pinkie and pwenkwe (was: Re: fingers)
|Date:||Monday, June 27, 2005, 17:32|
Hello, everyone, thanks for writing.
About the term "pinkie" for the smallest or fifth finger of the hand,
Ingmar Roerdinkholder asks: 'This "pink", would it mean something
like "the fifth (finger)", from IndoEuropean *penkwe, *pinkwe or so =
I like this idea.
I am aware it is probably not true. That makes me like it more for
some purposes -- I am usually partial to fiction when on this conlang
list; if I weren't, I would spend more time on an auxlang list or
sci.linguistics or whatever.
Tom H.C. in MI
--- In email@example.com, Ingmar Roerdinkholder
> <ingmar.roerdinkholder@W...> wrote:
> Is "pinky" American English? In that case it's likely to be derivedfrom
> Substandard colloquial Dutch "pinkie", Standard Dutch "pinkje",dim. of
> This "pink", would it mean something like "the fifth (finger)",from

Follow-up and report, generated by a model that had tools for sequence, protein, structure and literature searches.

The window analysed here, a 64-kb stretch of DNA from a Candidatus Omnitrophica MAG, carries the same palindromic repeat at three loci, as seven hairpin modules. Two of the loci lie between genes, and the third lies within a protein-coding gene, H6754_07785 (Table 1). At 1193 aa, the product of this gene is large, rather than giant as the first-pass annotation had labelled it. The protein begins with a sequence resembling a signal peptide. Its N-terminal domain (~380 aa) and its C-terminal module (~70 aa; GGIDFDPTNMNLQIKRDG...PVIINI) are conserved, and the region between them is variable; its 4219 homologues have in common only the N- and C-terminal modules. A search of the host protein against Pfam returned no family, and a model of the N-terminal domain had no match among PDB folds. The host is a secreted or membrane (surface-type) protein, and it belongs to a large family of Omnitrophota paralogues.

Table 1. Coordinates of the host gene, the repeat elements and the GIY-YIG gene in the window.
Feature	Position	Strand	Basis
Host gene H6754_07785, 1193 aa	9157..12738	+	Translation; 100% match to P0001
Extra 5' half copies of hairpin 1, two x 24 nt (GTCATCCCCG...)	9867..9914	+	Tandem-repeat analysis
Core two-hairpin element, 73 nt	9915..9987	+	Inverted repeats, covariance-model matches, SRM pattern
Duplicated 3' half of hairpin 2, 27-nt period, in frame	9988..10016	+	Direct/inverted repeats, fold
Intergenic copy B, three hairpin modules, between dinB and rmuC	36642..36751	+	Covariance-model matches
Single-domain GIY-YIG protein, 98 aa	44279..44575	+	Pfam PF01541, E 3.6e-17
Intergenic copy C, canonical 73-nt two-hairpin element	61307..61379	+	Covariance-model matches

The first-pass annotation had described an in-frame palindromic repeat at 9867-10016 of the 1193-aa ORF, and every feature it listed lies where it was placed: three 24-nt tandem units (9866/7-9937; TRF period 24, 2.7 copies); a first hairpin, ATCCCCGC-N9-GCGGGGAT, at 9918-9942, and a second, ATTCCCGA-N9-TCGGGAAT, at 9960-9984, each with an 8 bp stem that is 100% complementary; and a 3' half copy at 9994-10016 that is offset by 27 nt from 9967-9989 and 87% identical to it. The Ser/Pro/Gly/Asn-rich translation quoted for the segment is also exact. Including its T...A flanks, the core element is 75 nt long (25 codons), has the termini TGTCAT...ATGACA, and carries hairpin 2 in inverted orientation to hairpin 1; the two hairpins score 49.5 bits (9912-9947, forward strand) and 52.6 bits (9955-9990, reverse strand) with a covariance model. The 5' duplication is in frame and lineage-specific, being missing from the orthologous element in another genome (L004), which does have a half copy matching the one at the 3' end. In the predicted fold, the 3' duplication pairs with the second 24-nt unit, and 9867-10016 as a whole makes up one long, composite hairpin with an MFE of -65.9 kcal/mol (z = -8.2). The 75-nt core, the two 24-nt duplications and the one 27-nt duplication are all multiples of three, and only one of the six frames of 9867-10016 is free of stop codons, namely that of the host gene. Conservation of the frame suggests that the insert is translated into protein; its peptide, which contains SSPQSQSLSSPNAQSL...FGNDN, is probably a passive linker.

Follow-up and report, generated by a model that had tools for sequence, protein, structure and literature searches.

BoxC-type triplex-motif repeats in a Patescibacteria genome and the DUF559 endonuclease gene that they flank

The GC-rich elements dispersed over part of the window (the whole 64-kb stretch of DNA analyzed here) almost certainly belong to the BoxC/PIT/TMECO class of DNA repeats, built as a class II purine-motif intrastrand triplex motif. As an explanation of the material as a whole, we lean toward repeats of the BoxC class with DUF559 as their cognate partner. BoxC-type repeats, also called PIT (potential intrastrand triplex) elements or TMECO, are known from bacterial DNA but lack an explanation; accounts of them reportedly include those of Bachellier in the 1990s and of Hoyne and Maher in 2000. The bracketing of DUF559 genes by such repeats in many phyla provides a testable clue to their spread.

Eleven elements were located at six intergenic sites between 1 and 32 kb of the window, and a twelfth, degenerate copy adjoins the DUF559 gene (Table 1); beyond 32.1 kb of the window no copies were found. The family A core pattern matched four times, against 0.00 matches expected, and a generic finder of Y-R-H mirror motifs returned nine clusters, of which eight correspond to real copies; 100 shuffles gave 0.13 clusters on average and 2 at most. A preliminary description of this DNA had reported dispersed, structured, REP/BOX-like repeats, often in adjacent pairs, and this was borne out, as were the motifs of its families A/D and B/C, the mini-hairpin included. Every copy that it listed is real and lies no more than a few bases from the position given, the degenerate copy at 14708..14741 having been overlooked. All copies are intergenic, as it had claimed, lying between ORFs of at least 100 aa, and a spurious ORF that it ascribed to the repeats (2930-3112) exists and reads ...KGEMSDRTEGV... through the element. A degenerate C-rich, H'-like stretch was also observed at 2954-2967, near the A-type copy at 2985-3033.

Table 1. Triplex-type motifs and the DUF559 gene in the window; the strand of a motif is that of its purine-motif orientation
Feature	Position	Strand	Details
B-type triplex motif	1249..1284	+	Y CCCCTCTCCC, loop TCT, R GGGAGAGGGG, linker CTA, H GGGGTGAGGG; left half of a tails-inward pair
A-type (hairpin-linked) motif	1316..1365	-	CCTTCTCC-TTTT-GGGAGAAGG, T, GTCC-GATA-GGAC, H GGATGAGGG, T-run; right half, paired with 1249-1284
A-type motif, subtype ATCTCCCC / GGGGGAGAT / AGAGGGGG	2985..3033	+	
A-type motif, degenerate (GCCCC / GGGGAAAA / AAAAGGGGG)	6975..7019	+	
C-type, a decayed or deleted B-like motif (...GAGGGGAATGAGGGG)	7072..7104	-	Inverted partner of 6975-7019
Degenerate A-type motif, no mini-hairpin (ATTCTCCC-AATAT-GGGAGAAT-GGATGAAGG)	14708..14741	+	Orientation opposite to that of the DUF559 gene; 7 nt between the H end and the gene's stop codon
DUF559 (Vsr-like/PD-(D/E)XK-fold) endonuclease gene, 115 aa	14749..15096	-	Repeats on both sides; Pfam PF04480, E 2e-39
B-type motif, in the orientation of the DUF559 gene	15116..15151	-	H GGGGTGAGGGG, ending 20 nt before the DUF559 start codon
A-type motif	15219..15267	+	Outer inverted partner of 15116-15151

> *penkwe , *pinkwe or so = five ?
> > Well, English has "pinky" which seems like it's
> > related to Dutch "pink".
> > ~ Elliott
> > --- Ingmar Roerdinkholder
> > <ingmar.roerdinkholder@W...> wrote:
> >> In Dutch we use the following names:
> >> vinger(s) = finger(s)
> >> teen, pl tenen = toe(s)
> >> duim = thumb
> >> wijsvinger
> >> middelvinger
> >> ringvinger
> >> pink
> >> For toes, only : grote teen & kleine teen.
> >> So, the Dutch names are quite similar to the German
> >> ones, except for
> >> <pink> in stead of *kleine vinger. I think all other
> >> Germanic languages
> >> have the equivalent of "little finger".
> >> btw <wijsvinger> means the same as Zeigefinger,
> >> namely pointing finger.
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